5.02.2013

Ancient Greek Art -- Apparently Worse than the 80s!





I stumbled across an article today from io9.com, discussing how ultraviolet light can tell us how Ancient Greek and Roman statues originally appeared. Apparently they were painted, and over the centuries that paint has faded/eroded/been cleaned off, but UV light makes tiny fragments of pigment still left on the surface glow bright. Then with Infrared and X-ray spectroscopy they figure out what the paints were made of.

Once the patterns have been established, an idea of what the statues looked like can be extrapolated and the result is ... loud and tacky. No doubt, the Ancient Greeks loved their colour but ... wow, those statues look ugly. Just look at the comparison of the two versions of the iconic statue of Julius Caesar:


 

Yet one wonders if this isn't a situation where an original colour was applied with the knowledge that it would quickly darken, or whether the scientists' results are off.

4 comments:

Nicholas Trandem said...

The idea of white statuary and unpainted / unadorned buildings being somehow beautiful is a Renaissance error exacerbated by Protestant iconoclasm. Both the ancients and the Catholics of the Age of Faith loved bright colors. For example, this reconstruction of a medieval parish church: http://sergesblog.blogspot.com/2012/09/been-there-durham-england-long-time-ago.html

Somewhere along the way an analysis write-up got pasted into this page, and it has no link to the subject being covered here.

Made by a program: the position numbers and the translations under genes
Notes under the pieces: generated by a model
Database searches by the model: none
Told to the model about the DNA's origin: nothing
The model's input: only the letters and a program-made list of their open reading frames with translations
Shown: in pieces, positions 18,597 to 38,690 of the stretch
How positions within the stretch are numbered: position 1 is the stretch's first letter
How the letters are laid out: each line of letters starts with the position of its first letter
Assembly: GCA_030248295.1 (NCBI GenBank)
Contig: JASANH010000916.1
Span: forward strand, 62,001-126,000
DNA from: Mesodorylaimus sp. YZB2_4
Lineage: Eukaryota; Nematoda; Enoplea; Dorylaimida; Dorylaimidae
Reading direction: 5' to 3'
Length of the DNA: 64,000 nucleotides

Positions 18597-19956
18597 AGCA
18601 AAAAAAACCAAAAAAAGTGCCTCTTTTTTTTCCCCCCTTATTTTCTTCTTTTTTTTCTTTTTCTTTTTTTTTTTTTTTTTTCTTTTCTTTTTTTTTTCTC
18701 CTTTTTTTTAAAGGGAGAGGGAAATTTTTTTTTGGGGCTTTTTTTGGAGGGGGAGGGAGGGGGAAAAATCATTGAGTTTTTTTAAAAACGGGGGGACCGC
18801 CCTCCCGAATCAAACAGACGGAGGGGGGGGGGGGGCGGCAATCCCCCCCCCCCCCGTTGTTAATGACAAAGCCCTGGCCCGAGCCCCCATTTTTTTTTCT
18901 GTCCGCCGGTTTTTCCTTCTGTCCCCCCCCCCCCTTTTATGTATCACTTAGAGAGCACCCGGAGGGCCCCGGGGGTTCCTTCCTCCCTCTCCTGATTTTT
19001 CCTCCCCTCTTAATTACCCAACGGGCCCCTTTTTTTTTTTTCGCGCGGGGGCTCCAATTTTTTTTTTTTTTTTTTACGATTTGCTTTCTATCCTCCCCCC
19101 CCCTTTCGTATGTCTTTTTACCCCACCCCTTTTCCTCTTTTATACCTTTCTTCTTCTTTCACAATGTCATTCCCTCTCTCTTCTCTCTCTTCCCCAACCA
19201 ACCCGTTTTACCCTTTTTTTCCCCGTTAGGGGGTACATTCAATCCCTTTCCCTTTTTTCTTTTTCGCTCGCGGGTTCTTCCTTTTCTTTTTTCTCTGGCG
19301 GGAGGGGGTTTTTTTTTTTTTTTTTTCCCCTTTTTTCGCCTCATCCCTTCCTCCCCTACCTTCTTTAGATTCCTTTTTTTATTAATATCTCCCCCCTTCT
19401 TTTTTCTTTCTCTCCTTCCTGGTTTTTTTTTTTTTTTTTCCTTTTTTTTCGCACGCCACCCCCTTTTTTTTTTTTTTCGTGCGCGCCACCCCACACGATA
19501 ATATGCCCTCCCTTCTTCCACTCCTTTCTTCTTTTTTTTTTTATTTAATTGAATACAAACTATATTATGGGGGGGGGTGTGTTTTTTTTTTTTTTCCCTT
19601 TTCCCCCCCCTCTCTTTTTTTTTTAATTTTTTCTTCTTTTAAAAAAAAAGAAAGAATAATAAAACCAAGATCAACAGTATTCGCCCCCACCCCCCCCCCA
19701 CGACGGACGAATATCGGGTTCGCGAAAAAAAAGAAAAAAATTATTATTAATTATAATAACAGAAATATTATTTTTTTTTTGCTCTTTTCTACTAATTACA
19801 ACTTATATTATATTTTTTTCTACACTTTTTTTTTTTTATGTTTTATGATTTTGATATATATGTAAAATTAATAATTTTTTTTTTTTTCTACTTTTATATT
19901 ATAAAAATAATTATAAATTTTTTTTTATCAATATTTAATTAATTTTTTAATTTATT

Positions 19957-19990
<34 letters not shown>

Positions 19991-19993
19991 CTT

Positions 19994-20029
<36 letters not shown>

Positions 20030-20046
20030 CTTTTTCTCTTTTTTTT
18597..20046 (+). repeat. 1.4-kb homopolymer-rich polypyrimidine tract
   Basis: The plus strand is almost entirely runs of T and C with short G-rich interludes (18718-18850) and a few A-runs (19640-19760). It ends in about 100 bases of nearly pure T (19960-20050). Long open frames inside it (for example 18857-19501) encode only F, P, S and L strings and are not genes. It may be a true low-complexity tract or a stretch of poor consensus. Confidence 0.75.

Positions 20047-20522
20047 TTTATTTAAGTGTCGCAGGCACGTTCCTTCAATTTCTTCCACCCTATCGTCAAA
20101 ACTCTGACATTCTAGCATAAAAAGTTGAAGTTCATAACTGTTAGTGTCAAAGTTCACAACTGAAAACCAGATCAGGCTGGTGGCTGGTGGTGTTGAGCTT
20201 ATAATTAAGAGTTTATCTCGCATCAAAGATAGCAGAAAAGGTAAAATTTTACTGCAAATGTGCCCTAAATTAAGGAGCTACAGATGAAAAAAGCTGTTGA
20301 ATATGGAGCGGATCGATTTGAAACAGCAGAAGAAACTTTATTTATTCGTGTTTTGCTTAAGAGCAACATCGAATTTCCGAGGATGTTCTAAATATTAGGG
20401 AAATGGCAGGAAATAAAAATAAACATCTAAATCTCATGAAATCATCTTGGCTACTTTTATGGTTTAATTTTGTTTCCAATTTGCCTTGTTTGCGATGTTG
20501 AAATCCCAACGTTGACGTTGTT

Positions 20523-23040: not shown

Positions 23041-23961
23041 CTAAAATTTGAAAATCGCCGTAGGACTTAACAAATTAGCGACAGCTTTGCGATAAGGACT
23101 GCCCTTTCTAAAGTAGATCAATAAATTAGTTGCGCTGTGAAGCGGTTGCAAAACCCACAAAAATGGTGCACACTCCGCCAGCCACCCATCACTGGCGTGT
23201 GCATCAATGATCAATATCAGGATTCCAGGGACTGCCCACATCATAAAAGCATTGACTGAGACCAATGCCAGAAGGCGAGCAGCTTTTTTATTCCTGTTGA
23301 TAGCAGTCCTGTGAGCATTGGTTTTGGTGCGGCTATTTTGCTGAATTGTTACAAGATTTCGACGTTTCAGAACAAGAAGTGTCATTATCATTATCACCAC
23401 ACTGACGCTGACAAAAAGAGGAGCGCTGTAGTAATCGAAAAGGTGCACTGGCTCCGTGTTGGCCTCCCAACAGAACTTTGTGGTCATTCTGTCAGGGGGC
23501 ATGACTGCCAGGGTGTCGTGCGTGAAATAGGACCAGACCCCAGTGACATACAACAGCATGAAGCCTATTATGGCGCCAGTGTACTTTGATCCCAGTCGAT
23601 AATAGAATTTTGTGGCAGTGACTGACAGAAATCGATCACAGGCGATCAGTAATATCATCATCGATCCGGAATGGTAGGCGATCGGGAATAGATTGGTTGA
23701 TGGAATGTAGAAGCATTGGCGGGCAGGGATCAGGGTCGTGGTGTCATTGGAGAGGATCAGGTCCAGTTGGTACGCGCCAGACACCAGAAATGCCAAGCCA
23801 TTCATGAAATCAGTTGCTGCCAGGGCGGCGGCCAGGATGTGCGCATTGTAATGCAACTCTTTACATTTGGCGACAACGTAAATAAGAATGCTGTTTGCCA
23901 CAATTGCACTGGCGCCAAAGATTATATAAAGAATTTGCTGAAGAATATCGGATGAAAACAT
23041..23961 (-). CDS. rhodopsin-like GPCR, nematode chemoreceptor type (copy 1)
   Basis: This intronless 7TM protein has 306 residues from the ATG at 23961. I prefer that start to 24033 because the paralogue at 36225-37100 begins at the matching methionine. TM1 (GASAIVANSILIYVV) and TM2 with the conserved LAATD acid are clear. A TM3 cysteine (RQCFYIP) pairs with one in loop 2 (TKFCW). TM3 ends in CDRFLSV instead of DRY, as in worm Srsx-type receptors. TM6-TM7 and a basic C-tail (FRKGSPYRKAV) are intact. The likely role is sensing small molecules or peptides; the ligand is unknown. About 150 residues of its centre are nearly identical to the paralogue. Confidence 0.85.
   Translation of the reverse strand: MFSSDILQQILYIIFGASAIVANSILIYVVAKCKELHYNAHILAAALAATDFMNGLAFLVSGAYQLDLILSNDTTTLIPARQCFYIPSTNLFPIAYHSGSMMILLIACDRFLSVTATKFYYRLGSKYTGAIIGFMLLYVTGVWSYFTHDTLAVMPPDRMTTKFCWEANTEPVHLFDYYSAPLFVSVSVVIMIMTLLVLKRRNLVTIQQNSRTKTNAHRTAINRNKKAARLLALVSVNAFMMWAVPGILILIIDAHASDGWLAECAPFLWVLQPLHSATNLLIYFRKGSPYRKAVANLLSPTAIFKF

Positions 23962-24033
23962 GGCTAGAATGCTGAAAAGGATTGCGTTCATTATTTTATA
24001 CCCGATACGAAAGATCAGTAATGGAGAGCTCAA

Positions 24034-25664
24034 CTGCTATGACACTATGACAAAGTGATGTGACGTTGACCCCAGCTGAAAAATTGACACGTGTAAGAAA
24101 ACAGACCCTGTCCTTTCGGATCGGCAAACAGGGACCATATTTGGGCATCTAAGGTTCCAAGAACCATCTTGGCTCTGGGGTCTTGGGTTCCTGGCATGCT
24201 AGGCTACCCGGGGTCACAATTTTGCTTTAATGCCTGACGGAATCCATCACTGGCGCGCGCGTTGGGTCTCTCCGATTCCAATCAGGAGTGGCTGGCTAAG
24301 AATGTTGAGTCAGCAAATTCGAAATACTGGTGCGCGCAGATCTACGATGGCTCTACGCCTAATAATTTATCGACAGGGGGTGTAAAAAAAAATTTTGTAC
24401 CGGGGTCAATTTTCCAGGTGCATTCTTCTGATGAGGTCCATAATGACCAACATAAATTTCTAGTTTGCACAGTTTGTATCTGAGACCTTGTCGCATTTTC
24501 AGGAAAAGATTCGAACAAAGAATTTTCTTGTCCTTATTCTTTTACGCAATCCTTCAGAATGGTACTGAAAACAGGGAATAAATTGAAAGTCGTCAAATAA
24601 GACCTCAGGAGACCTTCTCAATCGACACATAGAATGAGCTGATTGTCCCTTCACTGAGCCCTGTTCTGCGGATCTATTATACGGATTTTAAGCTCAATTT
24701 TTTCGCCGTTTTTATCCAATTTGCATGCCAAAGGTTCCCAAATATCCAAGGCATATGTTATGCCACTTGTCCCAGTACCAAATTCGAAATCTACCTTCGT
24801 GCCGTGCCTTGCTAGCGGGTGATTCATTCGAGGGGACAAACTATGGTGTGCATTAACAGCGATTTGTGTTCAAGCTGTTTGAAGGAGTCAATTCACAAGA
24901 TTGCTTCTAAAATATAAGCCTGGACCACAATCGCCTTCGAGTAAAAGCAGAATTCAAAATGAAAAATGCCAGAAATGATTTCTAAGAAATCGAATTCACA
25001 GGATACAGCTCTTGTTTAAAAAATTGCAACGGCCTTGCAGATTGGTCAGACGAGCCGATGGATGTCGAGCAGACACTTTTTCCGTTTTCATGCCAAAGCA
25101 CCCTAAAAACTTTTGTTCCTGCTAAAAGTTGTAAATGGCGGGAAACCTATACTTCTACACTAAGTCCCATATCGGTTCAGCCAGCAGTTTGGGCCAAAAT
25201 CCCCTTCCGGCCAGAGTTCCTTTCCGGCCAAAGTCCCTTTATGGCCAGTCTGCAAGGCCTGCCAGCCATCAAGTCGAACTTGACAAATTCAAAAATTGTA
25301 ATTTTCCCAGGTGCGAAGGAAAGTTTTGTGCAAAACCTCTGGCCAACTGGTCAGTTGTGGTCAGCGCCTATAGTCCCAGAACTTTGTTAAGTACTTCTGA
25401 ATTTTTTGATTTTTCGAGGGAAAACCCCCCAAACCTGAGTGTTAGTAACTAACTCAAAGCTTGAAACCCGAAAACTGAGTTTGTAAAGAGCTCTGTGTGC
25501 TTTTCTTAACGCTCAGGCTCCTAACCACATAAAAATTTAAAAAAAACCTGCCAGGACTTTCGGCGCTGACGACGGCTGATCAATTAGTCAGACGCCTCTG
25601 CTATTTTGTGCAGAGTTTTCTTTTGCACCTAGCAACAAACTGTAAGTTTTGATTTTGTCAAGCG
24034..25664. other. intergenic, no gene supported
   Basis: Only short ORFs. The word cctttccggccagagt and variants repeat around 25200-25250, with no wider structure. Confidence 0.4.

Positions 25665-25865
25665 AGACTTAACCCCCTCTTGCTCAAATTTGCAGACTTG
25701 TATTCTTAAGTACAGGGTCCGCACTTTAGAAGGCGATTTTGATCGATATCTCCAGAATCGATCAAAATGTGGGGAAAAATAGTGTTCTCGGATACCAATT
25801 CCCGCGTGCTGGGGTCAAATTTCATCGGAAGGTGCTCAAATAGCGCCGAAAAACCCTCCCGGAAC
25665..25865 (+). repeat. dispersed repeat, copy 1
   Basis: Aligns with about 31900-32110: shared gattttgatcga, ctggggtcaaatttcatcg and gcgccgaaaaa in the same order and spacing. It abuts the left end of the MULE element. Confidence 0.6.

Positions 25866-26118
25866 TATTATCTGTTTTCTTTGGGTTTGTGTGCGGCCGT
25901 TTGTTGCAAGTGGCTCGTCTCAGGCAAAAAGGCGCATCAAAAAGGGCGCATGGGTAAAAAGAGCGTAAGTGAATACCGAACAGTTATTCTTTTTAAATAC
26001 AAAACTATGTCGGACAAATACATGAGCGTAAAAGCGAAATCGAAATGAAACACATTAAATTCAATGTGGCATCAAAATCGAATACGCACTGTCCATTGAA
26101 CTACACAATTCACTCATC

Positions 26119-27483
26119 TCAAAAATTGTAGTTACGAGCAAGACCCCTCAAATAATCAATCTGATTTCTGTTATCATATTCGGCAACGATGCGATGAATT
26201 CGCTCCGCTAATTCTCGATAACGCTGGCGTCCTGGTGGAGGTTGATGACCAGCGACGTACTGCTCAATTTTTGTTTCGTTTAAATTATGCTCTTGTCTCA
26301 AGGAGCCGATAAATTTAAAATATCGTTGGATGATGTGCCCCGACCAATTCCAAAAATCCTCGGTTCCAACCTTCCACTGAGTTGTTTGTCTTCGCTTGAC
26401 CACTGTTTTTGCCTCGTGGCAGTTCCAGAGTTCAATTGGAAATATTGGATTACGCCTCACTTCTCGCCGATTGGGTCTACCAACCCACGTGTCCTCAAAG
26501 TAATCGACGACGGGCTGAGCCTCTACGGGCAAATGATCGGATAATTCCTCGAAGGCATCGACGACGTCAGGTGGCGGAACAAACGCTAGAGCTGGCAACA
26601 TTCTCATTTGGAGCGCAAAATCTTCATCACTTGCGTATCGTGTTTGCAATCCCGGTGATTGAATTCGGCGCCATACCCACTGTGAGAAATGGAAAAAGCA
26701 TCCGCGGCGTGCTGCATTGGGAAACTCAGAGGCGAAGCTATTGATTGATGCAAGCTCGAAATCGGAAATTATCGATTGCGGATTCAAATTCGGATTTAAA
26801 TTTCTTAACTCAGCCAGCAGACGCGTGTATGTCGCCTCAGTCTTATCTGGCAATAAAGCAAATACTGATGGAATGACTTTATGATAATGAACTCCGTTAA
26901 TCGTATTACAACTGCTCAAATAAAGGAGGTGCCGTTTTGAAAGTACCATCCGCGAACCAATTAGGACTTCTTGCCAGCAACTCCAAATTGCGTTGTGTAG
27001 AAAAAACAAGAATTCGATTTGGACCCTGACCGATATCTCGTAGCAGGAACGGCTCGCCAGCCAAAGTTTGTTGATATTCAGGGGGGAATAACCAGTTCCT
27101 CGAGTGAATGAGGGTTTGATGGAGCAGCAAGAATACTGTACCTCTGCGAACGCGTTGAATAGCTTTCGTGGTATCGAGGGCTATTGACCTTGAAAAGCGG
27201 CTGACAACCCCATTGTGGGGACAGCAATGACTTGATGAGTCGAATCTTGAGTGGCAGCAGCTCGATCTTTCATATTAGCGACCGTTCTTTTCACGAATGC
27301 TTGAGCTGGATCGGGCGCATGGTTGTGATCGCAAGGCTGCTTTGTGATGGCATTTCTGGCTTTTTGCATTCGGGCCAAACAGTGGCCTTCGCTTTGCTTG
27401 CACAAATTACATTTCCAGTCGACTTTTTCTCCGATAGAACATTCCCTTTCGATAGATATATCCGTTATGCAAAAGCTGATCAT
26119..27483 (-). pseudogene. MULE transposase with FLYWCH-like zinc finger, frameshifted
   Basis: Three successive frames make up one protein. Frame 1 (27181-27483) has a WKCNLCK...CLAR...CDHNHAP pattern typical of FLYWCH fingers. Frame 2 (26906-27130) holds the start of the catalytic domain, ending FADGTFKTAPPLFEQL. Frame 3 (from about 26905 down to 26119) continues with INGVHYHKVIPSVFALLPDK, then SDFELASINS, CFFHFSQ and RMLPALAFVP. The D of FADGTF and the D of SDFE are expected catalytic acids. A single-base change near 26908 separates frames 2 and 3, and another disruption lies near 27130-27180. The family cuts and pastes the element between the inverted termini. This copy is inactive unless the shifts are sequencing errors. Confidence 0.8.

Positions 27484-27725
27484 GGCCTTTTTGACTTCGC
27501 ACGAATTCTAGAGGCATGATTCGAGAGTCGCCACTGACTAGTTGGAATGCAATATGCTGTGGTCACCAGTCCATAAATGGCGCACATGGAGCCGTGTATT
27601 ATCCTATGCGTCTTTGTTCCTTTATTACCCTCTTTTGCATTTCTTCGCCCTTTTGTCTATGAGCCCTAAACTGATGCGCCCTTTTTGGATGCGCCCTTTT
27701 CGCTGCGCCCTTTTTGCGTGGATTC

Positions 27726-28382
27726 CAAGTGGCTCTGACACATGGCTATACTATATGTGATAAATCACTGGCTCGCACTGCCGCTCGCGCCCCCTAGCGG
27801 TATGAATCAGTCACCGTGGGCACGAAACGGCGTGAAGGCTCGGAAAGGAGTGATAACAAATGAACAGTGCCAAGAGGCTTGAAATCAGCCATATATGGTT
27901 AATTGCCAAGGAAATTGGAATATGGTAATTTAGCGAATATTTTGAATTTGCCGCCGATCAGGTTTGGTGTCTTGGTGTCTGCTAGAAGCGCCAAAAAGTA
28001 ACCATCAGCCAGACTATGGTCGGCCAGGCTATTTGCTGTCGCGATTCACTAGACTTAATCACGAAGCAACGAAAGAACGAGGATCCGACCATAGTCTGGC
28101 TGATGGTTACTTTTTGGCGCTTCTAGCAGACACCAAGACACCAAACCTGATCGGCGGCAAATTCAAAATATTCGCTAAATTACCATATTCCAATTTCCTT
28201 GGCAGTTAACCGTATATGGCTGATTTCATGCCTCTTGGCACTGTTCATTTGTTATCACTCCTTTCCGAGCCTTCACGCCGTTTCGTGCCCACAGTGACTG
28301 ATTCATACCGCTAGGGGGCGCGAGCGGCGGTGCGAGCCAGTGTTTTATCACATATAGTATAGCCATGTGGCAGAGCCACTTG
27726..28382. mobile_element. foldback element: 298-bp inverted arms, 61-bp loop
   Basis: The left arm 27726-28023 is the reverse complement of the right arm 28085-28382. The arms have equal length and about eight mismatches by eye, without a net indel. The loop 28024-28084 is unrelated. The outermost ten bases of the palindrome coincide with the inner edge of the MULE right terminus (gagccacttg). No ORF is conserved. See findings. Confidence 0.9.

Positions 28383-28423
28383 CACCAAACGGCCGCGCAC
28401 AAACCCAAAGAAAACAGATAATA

Nicholas D.C. Wansbutter said...

I don't disagree, but I do think that the medieval Church you link to actually looks good, whereas some of the pics on the article I linked to look tacky.

Sophia's Favorite said...

Those images are reconstructions, so the real colors would probably be somewhat different. And the trouble with that archer figure is that the little different-colored scales make the image too busy, not that the colors themselves are loud.

The picture at the top of the page certainly isn't tacky, and the Caesar figure doesn't look much different from ten thousand images of St Michael.

Anonymous said...

That statue is from Caesar Augustus not Julius Caesar.

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